In 2018, 54 children were adopted from abroad, setting a 10-year record for Malta. And that number is expected to continue growing, in part because the cost has been massively reduced through a €10,000 government grant.
But there are also changing cultural reasons behind adoption's growing popularity, according to Shirley Mifsud, co-founder of Aġenzija Tama, one of Malta's three private adoption agencies, which was set up in 2014.
Speaking on the #TimesTalk podcast she says, "the world is becoming very small. Maltese people travel more and there are more foreigners here".
Shirley says the stigma around adoption has changed.
"Before, adopting a child, or being adopted was something you hid if possible. It was a secret. But now, people see actors and celebrities adopting children and that changes their mind about it."
While many couples choose to adopt because of fertility problems, Shirley says it's no longer the only reason.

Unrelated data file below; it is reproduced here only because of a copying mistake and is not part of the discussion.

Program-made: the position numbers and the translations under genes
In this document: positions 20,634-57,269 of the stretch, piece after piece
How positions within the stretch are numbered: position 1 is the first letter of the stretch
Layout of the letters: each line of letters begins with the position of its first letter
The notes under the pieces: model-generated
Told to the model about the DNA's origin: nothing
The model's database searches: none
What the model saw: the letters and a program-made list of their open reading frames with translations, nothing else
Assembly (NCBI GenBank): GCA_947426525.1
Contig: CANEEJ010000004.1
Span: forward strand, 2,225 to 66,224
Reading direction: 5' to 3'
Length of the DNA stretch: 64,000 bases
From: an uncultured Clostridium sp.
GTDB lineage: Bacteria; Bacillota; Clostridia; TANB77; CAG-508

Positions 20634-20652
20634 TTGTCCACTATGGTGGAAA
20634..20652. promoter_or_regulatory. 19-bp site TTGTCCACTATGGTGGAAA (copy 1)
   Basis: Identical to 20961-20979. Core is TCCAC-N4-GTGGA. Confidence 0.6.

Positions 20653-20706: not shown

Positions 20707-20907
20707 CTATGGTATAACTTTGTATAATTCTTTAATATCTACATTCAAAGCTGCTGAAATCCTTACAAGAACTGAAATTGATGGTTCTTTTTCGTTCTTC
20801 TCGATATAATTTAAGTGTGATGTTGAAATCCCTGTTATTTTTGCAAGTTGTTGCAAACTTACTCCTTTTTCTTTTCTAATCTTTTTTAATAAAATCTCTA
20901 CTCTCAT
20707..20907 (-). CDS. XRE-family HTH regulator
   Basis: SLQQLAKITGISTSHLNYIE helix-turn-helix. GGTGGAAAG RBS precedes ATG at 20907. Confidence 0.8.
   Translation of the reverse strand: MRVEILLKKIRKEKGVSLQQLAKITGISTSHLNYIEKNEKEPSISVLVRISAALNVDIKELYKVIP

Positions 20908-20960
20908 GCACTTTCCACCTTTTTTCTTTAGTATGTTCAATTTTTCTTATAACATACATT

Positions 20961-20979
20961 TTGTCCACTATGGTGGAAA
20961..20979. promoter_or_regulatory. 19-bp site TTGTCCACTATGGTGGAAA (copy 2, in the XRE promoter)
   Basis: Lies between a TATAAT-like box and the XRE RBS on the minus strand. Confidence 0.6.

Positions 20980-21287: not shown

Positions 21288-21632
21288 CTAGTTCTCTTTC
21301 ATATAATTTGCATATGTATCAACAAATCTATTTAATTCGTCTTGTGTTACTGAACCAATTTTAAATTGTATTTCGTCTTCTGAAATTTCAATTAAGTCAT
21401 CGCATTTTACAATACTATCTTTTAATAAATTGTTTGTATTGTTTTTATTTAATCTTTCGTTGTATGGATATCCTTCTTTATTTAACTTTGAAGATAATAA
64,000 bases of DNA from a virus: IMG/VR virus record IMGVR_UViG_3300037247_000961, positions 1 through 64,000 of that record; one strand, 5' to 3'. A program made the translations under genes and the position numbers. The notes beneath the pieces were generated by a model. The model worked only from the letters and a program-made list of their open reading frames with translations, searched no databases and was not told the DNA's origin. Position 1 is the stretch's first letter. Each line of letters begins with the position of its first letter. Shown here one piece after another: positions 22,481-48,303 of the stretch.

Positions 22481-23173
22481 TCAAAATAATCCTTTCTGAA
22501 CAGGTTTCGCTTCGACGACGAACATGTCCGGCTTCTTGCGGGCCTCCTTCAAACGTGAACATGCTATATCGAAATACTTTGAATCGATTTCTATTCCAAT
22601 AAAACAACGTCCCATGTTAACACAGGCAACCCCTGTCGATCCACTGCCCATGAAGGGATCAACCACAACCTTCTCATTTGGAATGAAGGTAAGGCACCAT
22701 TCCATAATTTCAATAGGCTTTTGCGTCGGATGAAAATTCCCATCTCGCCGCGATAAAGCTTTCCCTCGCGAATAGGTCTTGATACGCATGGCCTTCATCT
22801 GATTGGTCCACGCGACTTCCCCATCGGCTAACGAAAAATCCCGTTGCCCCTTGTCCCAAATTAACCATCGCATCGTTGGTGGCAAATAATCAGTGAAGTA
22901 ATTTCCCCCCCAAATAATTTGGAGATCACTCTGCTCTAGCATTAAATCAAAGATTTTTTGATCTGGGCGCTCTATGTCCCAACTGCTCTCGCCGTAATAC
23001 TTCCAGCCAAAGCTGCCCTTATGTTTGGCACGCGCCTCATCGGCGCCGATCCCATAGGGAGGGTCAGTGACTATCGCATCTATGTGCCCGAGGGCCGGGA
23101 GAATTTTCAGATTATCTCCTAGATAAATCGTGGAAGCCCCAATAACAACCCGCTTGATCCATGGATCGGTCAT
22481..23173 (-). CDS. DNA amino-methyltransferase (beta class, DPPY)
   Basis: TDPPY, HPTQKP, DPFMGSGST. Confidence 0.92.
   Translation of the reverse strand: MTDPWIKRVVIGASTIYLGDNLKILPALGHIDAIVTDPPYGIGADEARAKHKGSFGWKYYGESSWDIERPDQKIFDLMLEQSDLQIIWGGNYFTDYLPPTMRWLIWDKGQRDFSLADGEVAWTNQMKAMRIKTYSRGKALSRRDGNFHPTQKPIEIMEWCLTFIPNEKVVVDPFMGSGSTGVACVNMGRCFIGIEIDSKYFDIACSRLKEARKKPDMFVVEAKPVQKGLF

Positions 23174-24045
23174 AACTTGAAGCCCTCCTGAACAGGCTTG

"A lot of people think others adopt because they can't have children of their own. While this does make up a large percentage, we're seeing a growing trend of people who already have biological children, choosing to adopt a child from outside their family."
Also on the podcast is Angie Farrugia, who was ready to fly to India to pick up her second adopted daughter when the airport was shut down because of COVID-19. As she waits to be able to be united with her new daughter, she says she is getting by on Skype calls and photographs from the orphanage.
Goodbye, daily briefings
Also on this episode, Times of Malta reporter Claire Caruana talks us through the challenges the media has faced while covering the pandemic, as three months of daily news briefings with Superintendent for Public Health Charmaine Gauci begin to wind down.